A widespread transformation is taking place in the automotive industry. Changes in technology, societal pressures, and environmental regulations are all pushing vehicles to become more sustainable, safe, accessible, and smart. In response to these trends and pressures, automakers are doubling down on electrification and continuing to invest in the development of automated driving features and autonomous vehicles (AV).
AV development will only become more important in the marketplace as the competition to produce new and advanced vehicle features continues to mount. Automakers today must focus on the development of advanced features and functions to stand out in a competitive landscape. As the emphasis on advanced self-driving vehicle features continues to grow, so too does the design challenge for the engineers.
Automakers will be required to transform fundamental aspects of their businesses and organizations to meet the needs of the future of mobility. Years of development in advanced driver assistance systems (ADAS), vehicle electrification, software, electronics, and other technologies are coming to fruition, driving a massive shift in the composition of the automotive market.
Future of mobility full of design hurdles
The power of onboard processors and the sophistication of vehicle software will continue to grow as self-driving systems develop. Not only will AVs incorporate some of the most complex electronics devices ever produced, but they will also rely on complex software that incorporates machine learning and artificial intelligence. These advanced software systems will need to process sensor data, make decisions, and send instructions around the vehicle in real-time. As a result, the various sub-systems and domains that make up an AV, from the electronics and software to the mechanical systems, will need to interact continuously as the vehicle operates to support this movement of information around the vehicle.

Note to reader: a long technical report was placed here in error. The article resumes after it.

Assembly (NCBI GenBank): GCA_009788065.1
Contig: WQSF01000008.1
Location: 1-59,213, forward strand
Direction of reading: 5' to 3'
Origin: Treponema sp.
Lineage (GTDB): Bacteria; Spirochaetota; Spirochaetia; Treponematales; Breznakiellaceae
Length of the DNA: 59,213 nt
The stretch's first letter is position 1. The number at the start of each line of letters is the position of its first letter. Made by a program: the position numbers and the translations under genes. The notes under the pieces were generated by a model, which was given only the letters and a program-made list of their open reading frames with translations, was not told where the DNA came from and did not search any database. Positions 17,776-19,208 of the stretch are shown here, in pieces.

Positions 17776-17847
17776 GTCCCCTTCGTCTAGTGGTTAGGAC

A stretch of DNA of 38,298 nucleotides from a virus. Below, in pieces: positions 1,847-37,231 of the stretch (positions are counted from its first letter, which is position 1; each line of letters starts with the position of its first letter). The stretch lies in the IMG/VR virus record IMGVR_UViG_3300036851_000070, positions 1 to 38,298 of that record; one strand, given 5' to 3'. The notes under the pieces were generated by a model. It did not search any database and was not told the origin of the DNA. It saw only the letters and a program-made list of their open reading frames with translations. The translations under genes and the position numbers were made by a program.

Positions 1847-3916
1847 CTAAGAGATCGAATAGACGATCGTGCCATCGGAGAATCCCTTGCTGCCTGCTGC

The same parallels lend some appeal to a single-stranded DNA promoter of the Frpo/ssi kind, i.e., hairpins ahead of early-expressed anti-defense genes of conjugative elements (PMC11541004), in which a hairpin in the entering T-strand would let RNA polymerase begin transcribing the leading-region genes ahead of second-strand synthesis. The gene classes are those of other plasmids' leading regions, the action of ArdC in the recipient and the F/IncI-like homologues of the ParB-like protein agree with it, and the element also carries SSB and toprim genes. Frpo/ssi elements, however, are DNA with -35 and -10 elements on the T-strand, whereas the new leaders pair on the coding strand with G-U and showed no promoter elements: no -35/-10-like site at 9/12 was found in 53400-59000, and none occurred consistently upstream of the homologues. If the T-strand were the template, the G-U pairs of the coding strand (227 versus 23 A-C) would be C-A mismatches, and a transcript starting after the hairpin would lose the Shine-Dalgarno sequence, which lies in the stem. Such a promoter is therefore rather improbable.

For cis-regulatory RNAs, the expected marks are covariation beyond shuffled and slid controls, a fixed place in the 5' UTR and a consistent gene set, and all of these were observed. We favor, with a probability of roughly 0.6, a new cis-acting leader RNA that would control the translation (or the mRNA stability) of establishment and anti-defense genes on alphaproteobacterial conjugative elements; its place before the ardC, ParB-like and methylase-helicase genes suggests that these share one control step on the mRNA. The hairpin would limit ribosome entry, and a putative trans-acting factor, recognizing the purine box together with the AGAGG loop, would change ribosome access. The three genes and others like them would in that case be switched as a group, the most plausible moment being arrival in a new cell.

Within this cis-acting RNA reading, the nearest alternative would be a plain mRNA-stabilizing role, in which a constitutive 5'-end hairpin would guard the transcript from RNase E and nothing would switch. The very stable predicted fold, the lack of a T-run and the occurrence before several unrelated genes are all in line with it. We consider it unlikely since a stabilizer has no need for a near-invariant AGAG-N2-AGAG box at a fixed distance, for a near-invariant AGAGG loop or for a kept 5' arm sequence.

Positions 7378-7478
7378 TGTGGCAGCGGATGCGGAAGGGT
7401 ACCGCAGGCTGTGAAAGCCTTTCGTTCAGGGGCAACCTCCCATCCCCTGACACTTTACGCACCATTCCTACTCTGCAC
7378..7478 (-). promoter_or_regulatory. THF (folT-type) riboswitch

Even as vehicle complexity grows, companies must integrate all the advanced components and sub-systems required for an autonomous driving system into an all-electric vehicle platform while preserving sufficient drive range and performance characteristics. Some estimates place the drive range penalty of a self-driving system at about 15% due to the electrical power demands of the various sensors, actuators, and processing devices. Additional integration challenges involve ensuring the vehicle networks can support the data requirements of an AV, and the creation of an attractive vehicle body that hides the presence of cameras and other sensors without impacting their performance.
How digitalization helps overcome challenges
So, how can companies overcome the design challenges introduced by AVs, accounting for the hundreds of thousands of interactions that can occur within the vehicle’s sub-systems? And how do they understand the potential impacts of a design change throughout the entire product lifecycle, including into the manufacturing and supply chain ecosystems? It starts with a digital transformation of the vehicle design process. Digital transformation enables companies to adopt a new approach to vehicle development and engineering, linking their entire lifecycle through a digital backbone that enables information to flow throughout the organization. Even partner companies can be incorporated securely into the digital backbone, ensuring faster and easier collaboration between organizations, and supporting accountability to overall goals.